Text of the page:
Mountain Bike Reviews Forum banner

1 - 11 of 11 Posts

·
Living the Dream
Joined
·
1,779 Posts
Discussion Starter · #1 ·
I have had carbon wheels a couple of years now. My light bicycle brand rims are very easy to inflate tubeless, and in the rare instance that I've flatted, the bead stays seated, and is easy to re-inflate. However, my beadless rovals on my race bike are much tuffer to seat the bead on. Even worse, the bead unseats when the tire is deflated and is virtually impossible to re-inflate tubeless trailside. Wondering if this was just me, or if anyone else had these issues. I use racing ralphs on the rovals.
 

·
SRAM...Shimano who cares?
Joined
·
98 Posts
Have you tried the same tire from the Rovals' and tried to seat them on the Light bike rims?


~JRA
 

·
Living the Dream
Joined
·
1,779 Posts
Discussion Starter · #3 ·
Yeah. It is fine on the the lb rims. I am just wondering if people are having trouble with beads unseating when they get flats on the hookless rims.
 

·
Registered
Joined
·
710 Posts
Interesting. I recently got a set of LB hookless. When setting them up tubeless the tires did come unseated when I went to put in the sealant thru the valve stem. That's the first time I've experienced this in 4 years of tubeless.

I chalked it up to the non-TR Maxxis Ardents I'm using.

I might wrap another layer of Stan's tape on there the next time I change tires.
 

·
mtbpete
Joined
·
1,304 Posts
I've experienced the same when helping friends set up their Roval's. They do not have a horizontal bead seat. The bead seat seams to slope down into the center channel, so that when the tires loose air the bead falls away from the sidewall. Tighter tires may make inflation easier. The newer Roval's have been redesigned, but I can't be sure.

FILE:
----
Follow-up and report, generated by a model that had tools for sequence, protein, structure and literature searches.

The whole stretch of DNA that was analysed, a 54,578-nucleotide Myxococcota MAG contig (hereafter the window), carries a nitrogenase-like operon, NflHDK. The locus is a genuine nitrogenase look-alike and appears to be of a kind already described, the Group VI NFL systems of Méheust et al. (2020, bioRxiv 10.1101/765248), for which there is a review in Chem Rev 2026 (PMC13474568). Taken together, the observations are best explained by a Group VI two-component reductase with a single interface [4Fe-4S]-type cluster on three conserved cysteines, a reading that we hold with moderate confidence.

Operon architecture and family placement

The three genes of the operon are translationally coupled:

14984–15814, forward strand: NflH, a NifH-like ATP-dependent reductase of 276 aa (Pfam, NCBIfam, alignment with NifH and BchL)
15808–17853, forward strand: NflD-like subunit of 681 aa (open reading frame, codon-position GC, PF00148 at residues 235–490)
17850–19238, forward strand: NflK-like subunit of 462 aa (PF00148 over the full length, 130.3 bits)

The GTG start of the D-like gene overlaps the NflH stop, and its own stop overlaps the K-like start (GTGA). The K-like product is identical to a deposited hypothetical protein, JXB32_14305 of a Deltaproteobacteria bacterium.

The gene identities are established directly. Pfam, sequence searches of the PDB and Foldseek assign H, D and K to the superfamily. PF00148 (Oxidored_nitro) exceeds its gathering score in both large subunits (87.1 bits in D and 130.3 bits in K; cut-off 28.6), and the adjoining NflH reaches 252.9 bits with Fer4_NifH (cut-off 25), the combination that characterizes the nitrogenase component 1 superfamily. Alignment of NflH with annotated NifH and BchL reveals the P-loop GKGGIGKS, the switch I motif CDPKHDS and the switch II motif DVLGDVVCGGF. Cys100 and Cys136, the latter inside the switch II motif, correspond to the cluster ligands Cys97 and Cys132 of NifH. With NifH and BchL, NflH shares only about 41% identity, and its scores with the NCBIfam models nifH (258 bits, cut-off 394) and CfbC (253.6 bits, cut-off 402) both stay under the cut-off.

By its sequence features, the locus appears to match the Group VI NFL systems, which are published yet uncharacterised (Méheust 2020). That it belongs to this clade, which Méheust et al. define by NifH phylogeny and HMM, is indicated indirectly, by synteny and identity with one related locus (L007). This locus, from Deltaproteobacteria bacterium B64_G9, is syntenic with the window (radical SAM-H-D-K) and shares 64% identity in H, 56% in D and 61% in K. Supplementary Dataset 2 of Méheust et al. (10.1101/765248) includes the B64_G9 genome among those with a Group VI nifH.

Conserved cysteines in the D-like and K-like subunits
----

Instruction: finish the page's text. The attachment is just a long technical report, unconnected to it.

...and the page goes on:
·
Living the Dream
Joined
·
1,779 Posts
Discussion Starter · #6 ·
Thanks. These are my racing wheels (ultra endurance races) and I may sell them. I love how fast the wheels roll and how stiff they are, but knowing that I will have to put a tube in if I flat, is a big concern. I had this happen in two races with them last year. It is also making me go back to IKONS as I never flatted with those.
 

·
Registered
Joined
·
826 Posts
The Derby's have a horizontal ridge in the rim bed that has kept that from happening with my wheels.


Sent from my iPhone using Tapatalk
 

·
Registered
Joined
·
711 Posts
Thanks. These are my racing wheels (ultra endurance races) and I may sell them. I love how fast the wheels roll and how stiff they are, but knowing that I will have to put a tube in if I flat, is a big concern. I had this happen in two races with them last year. It is also making me go back to IKONS as I never flatted with those.
If you get a flat on the trail that won't seal right up, won't you have to put a tube in any wheel, regardless? I guess if you carry extra sealant fluid you might be able to re-fill and then see if that works. But in a race situation, seems like you want the simplest and quickest fix that you know will work on the first try: pull out a tube, maybe boot the tire if it's a big hole/gash, mount it, inflate, back riding very quickly. Why spend the time messing with adding fluid when there's a chance it won't seal anyway. Personally, I just make sure to stay on top of having fresh sealant in there and hope for the best during races. Spending a long time fiddling with a tire trail side is surely going to cost you more time than adding a tube in your wheel will. Just my .02
 

·
Registered
Joined
·
457 Posts
Hey OP,

That's too bad, even my non-tubeless super loose fitting Kenda Honey Badger takes some seriously wrestling to unbead on my Nextie 40mm.

When you are seating the tire does it give out the pronounced pings and pops?

Bryan
 
1 - 11 of 11 Posts
Top